This study exmaines the continuities and changes in images and roles of women in popular magazines from the early 1900s to the 1980s. I also look at the theories that attempt to explain the inequalities between men and women in relation to these images and roles. One of the many theoretical disciplines which has studied the changes between the roles, how they are defined, and who determines them is feminism, which blames male-domination for the subordination of women. Feminism also studies existing sociological theories like childhood socialization and structural coercion to attempt to determine the causes for women's subordination in Western society. Childhood socialization theory looks at the socialization processes to understand why women occupy the roles that they do; structural coercion studies the institutions of society that create the division between the public and private spheres. The data was collected through a content analysis of Good Housekeeping, Vogue, and Ms. magazines. It was concluded that women's magazines indicate and discuss what popular culture views as the role of women in society, and what the various elements of her femininity should be at a given time. The idea of femininity has changed throughout the twentieth century, from juding a woman's femininity on her mothering and wifely abilities, to a more overall evaluation of a happy, self-fulfilled woman.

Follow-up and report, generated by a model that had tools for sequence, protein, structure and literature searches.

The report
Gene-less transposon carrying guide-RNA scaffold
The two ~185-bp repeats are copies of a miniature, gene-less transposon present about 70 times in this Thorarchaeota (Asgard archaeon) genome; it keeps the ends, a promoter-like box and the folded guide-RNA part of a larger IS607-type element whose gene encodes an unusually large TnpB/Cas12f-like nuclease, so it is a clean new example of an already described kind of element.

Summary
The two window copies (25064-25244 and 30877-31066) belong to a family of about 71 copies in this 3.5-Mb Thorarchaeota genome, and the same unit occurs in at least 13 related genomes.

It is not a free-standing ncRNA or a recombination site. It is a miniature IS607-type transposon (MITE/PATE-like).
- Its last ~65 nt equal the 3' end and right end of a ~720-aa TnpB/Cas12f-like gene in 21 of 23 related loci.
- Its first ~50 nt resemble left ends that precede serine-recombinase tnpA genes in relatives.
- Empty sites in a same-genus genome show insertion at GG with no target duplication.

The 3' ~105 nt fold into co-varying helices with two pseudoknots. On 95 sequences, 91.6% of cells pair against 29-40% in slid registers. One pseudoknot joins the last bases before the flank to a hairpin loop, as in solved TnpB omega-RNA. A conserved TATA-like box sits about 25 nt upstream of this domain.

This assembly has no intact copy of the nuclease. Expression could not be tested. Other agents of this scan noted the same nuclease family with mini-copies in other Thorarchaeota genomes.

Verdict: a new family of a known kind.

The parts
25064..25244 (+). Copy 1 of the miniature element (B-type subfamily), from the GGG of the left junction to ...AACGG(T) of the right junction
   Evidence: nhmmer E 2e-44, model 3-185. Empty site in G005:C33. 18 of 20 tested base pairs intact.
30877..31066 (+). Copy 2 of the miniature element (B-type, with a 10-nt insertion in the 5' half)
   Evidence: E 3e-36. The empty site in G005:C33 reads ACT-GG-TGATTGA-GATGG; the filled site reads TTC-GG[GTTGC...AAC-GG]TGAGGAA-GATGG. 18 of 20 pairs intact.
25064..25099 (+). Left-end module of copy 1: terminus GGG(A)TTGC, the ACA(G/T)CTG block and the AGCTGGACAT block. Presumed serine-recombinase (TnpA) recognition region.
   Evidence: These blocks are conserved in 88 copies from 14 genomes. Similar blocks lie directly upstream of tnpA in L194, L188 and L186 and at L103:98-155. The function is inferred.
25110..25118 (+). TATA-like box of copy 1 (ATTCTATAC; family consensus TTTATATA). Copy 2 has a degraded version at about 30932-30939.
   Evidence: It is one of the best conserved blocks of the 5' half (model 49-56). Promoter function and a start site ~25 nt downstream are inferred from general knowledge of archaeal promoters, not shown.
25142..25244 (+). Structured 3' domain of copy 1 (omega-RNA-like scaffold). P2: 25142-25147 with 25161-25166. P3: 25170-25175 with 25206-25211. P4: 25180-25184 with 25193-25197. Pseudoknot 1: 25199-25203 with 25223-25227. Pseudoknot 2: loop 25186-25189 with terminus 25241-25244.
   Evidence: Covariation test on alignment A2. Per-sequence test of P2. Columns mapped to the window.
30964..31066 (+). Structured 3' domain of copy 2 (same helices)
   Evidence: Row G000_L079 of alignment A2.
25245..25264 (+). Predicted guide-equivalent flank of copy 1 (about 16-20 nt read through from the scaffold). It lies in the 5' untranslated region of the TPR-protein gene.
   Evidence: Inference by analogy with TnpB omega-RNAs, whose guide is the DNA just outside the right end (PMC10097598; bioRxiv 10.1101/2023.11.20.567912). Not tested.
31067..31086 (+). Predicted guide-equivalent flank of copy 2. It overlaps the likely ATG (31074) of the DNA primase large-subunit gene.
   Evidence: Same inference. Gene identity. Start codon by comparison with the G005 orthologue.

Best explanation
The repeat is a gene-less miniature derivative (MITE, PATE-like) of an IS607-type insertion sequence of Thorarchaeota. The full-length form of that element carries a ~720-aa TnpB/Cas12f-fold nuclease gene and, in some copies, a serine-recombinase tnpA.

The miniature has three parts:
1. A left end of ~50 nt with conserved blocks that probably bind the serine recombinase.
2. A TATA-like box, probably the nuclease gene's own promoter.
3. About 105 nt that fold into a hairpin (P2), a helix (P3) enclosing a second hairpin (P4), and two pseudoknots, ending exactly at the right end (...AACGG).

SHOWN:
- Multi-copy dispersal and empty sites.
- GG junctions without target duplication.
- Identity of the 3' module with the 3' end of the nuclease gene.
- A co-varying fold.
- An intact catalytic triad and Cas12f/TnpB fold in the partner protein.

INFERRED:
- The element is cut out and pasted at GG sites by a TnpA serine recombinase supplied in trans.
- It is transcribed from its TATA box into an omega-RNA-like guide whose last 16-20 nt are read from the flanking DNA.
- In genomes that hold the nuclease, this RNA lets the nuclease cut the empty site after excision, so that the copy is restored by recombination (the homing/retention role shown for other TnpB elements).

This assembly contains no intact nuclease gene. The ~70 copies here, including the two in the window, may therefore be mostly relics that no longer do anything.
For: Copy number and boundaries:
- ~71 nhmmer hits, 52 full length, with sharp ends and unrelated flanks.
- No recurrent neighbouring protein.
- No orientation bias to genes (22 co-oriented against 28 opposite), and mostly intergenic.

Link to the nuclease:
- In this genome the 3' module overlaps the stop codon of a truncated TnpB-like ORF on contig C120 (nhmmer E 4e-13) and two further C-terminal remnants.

Sociology and Anthropology
Zweig, Allison J., "From Chattel to Partner to Equal? How Women's Roles and Images Have Changed Over Time a Content Analysis of Three Women's Magazines" (1993). Senior Independent Study Theses. Paper 5582.
Bachelor of Arts
Senior Independent Study Thesis
Available for download on Thursday, January 01, 2150
© Copyright 1993 Allison J. Zweig